C-821/19: AG Rantos gives opinion on Hungary’s failure to fulfil obligations under EU law

Thursday, February 25, 2021

On 25 February 2021, AG Rantos published an opinion in case C-821/19, European Commission v Hungary.
On the first complaint concerning Hungary’s introduction of a ground of inadmissibility for applications for international protection in addition to those listed in Article 33(2) of the recast Procedures Directive (2013/32/EU), AG Rantos referred to the recent judgment in LH (C-564/18) which confirmed the exhaustive nature of the list of grounds of inadmissibility in Article 33(2). He considered the CJEU’s findings in C-925/19 and C-924/19 PPU also applicable in the present case and as the Hungarian Government had not adduced any new elements to justify the need for a reversal of this established case law, AG Rantos indicated that the interpretation should be upheld.
In relation to the second complaint regarding Article 353/A of the Hungarian Criminal Code that criminalises any ‘organising activity’ enabling asylum proceedings to be brought by a person who is not entitled to international protection under national law, AG Rantos opined that prima facie the provision constitutes an obstacle to rights guaranteed by EU law, in so far as it places every person or organisation intending to provide assistance to applicants for international protection in a position of uncertainty. He further opined that it is for the competent national authorities and not legal advisers, persons or organisations offering assistance, to assess whether the reasons given in the application justify protection being granted in accordance with the conditions imposed by the national legislation.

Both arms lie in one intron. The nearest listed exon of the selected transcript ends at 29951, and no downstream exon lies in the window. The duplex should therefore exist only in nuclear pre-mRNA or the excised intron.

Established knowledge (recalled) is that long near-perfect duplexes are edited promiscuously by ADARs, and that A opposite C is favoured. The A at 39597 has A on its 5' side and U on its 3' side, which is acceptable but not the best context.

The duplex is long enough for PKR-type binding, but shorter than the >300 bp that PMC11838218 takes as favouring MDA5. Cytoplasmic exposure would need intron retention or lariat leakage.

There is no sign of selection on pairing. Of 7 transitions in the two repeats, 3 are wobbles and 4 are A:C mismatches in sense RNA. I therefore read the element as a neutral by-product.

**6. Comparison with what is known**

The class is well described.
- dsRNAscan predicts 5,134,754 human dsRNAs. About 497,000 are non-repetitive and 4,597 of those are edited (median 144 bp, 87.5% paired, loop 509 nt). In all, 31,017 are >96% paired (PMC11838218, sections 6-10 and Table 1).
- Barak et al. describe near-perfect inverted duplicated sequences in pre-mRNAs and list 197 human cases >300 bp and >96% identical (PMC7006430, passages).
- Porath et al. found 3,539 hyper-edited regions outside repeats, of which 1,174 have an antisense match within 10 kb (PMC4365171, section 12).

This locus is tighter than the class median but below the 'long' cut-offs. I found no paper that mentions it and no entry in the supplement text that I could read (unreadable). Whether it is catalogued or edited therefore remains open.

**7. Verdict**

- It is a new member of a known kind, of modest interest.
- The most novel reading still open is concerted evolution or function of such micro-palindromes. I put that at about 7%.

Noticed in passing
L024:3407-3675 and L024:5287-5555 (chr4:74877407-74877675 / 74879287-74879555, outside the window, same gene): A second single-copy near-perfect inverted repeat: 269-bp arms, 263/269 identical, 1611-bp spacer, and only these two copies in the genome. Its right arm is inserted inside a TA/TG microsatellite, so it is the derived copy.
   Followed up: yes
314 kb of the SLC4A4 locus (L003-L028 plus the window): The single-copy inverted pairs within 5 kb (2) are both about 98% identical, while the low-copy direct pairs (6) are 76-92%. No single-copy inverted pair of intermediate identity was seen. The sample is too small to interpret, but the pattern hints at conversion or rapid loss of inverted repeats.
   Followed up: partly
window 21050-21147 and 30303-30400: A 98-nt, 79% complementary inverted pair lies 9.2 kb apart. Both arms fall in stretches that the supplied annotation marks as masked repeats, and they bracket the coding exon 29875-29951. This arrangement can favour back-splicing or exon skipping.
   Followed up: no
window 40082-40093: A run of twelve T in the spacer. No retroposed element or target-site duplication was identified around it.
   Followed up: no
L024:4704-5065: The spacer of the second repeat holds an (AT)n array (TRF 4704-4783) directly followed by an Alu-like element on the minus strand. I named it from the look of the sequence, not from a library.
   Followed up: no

The AG expressed the view that criminalising assistance could have a significant deterrent effect on all persons or organisations who try to promote a change in legislation or a more flexible interpretation of national law or even claim the relevant national law is incompatible with EU law. Further, AG Rantos stated that despite the provision being restricted to ‘organised activity’ and even when interpreted in a strict sense, the scope of Article 353/A is capable of hindering the activities of almost all persons or organisations providing assistance to applicants for international protection. As such, the AG urged the Court to find that the provision is liable to constitute an obstacle to the exercise of the rights guaranteed by EU law in relation to assistance for applicants for international protection.
The second limb of Commission’s second complaint concerns Article 46/F of the law on the police which provides that police officers are to prevent any person who is the subject of criminal proceedings, inter alia, for offences laid down in Article 353/A of the Criminal Code, from entering an area within a distance of 8 kilometres from the border. AG Rantos expressed that the provision undeniably increases the negative effects of provisions such as Article 353/A of the Criminal code, however in his view, the Article is the legitimate application of a general rule in which police authorities can prohibit persons suspected of having committed criminal offences from accessing ‘sensitive’ places. He took the view that when considered in isolation, the provision does not raise compatibility issues with EU law.

This item was reproduced with the permission of ECRE from the ELENA Weekly Legal Update. The purpose of these updates is to inform asylum lawyers and legal organizations supporting asylum seekers and refugees of recent developments in the field of asylum law. Please note that the information provided is taken from publicly available information on the internet. Every reasonable effort is made to make the content accurate and up to date at the time each item is published but no responsibility for its accuracy and correctness, or for any consequences of relying on it, is assumed by ECRE.                               

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